Prior to the development of organs and skeletal elements, embryos must lay down a coordinate system that identifies tissue position along the anterior-posterior axis, a process known as axial patterning.  Establishment and maintenance of positional identity is critical during embryonic development and required for proper tissue shape and placement. Hox genes are critical for establishing positional identity along the anterior-posterior axis, but we know little about how this expression is regulated. Here, we will characterize a zebrafish mutant in the gene wdr82, which exhibits gene expression changes and craniofacial morphologies consistent with defects in Hox gene expression. wdr82 is a member of the SET1 histone methylase complex and has not been previously implicated in Hox gene regulation. SCOPE students will use in situ hybridization and targeted mutagenesis to understand the role of wdr82 and the SET1 complex in Hox gene regulation. 


Assessing antimicrobial peptides for selective induction of apoptosis in malignant mouse cells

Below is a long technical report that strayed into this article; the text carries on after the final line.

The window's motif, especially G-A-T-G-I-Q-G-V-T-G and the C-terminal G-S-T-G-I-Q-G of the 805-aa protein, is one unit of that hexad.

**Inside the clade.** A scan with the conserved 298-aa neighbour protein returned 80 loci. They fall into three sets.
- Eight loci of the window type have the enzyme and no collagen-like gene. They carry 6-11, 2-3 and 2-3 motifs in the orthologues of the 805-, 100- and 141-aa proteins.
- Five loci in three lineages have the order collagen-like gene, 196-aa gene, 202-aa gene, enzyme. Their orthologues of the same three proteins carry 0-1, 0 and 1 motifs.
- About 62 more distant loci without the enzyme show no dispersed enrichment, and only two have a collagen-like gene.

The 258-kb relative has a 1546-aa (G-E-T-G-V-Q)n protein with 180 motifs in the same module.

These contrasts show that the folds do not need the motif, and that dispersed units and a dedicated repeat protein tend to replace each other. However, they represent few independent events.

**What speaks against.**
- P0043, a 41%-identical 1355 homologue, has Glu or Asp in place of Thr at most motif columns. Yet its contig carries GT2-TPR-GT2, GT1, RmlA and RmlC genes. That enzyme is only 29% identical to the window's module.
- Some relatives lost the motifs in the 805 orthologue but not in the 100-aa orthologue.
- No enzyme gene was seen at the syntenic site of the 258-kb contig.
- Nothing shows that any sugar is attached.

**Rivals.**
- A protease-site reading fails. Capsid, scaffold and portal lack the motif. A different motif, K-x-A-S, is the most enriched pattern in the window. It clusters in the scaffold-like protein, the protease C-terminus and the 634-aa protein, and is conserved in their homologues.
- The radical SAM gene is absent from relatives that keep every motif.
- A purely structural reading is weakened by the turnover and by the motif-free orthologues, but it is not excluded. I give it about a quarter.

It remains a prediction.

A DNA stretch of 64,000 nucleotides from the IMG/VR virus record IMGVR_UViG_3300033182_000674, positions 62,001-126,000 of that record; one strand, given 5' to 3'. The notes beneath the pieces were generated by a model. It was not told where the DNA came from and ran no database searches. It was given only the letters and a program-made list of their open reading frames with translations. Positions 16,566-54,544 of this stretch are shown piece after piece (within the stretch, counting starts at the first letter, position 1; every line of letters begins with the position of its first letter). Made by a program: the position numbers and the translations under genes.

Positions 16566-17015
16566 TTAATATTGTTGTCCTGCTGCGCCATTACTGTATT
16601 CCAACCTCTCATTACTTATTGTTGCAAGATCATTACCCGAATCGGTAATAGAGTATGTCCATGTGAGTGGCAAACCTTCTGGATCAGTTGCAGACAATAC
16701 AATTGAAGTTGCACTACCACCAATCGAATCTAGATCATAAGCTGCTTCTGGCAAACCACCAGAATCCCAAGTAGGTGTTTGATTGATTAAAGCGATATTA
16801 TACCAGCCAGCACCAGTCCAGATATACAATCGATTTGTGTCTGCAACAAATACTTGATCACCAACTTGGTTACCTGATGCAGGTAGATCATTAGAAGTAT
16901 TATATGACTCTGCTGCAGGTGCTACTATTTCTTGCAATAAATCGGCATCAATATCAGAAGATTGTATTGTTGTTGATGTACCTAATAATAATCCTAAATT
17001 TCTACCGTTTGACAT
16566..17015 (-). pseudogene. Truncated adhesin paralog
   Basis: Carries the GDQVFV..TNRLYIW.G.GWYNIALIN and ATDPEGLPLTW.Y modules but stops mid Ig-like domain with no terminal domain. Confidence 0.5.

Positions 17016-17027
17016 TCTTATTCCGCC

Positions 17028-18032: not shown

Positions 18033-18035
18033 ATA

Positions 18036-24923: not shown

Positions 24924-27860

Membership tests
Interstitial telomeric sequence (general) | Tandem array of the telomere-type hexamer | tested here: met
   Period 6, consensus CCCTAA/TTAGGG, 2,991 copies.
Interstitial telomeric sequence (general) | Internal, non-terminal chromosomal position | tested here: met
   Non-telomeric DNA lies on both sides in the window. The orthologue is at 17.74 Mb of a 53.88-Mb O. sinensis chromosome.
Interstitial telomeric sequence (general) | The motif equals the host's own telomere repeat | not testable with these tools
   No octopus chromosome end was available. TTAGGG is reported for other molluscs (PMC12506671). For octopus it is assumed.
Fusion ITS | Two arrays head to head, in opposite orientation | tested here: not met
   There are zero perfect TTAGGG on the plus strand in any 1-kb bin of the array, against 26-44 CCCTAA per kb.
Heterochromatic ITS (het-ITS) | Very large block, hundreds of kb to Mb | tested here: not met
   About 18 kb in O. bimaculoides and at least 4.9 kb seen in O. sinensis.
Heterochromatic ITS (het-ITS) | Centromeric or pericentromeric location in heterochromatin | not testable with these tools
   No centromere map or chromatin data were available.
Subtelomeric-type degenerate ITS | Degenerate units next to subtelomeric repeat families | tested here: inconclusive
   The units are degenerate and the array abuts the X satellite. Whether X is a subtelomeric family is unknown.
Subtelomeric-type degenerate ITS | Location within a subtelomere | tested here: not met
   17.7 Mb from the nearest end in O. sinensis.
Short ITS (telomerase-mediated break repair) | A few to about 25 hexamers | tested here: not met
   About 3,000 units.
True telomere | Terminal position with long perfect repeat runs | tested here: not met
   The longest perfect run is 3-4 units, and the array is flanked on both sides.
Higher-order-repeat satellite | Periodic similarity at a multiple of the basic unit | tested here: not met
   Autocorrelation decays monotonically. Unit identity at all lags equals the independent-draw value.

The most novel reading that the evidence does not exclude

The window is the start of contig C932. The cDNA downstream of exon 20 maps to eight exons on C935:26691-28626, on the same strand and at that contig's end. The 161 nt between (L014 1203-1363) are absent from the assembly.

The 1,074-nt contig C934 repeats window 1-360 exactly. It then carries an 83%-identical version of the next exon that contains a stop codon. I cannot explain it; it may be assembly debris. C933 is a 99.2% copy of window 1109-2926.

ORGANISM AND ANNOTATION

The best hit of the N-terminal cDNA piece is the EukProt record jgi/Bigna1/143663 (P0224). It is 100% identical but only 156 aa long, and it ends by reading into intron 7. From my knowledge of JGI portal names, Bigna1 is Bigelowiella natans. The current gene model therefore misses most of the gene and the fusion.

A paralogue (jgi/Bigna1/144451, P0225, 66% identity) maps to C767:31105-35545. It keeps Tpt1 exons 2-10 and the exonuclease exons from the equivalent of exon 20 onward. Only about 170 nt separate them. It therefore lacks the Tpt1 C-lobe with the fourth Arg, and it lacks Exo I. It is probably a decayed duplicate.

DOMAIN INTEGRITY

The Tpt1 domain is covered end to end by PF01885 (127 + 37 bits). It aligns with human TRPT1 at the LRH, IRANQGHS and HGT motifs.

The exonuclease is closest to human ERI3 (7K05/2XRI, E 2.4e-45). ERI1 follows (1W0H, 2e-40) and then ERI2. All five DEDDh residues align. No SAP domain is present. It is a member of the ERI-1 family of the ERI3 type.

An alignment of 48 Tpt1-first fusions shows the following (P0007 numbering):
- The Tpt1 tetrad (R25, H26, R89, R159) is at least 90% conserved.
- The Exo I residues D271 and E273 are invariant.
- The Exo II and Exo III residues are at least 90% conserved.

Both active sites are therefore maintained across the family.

Dr. Bruns

Cationic, amphipathic peptides first identified as antimicrobial compounds have recently been discovered to act selectively on malignant mammalian cells to induce apoptosis through a pathway that is distinct from a pathway associated with activation of Fas, a cell-surface receptor called a “death receptor”. The peptides appear to act by penetrating the cell membranes of mammalian cells, and after entering, affect the mitochondrial membranes to induce a distinct cascade of cysteine-aspartate proteolytic enzymes (called caspases) initiating apoptosis. Peptides and activators of the Fas receptor will be tested for inducing apoptosis in a malignant mouse cell line; specific fluorogenic substrates for different caspase enzymes will be used to indicate the apoptotic pathways that are induced. Novel peptides will be designed, synthesized, and tested for their activities relative to bovine lactoferricin, the control peptide.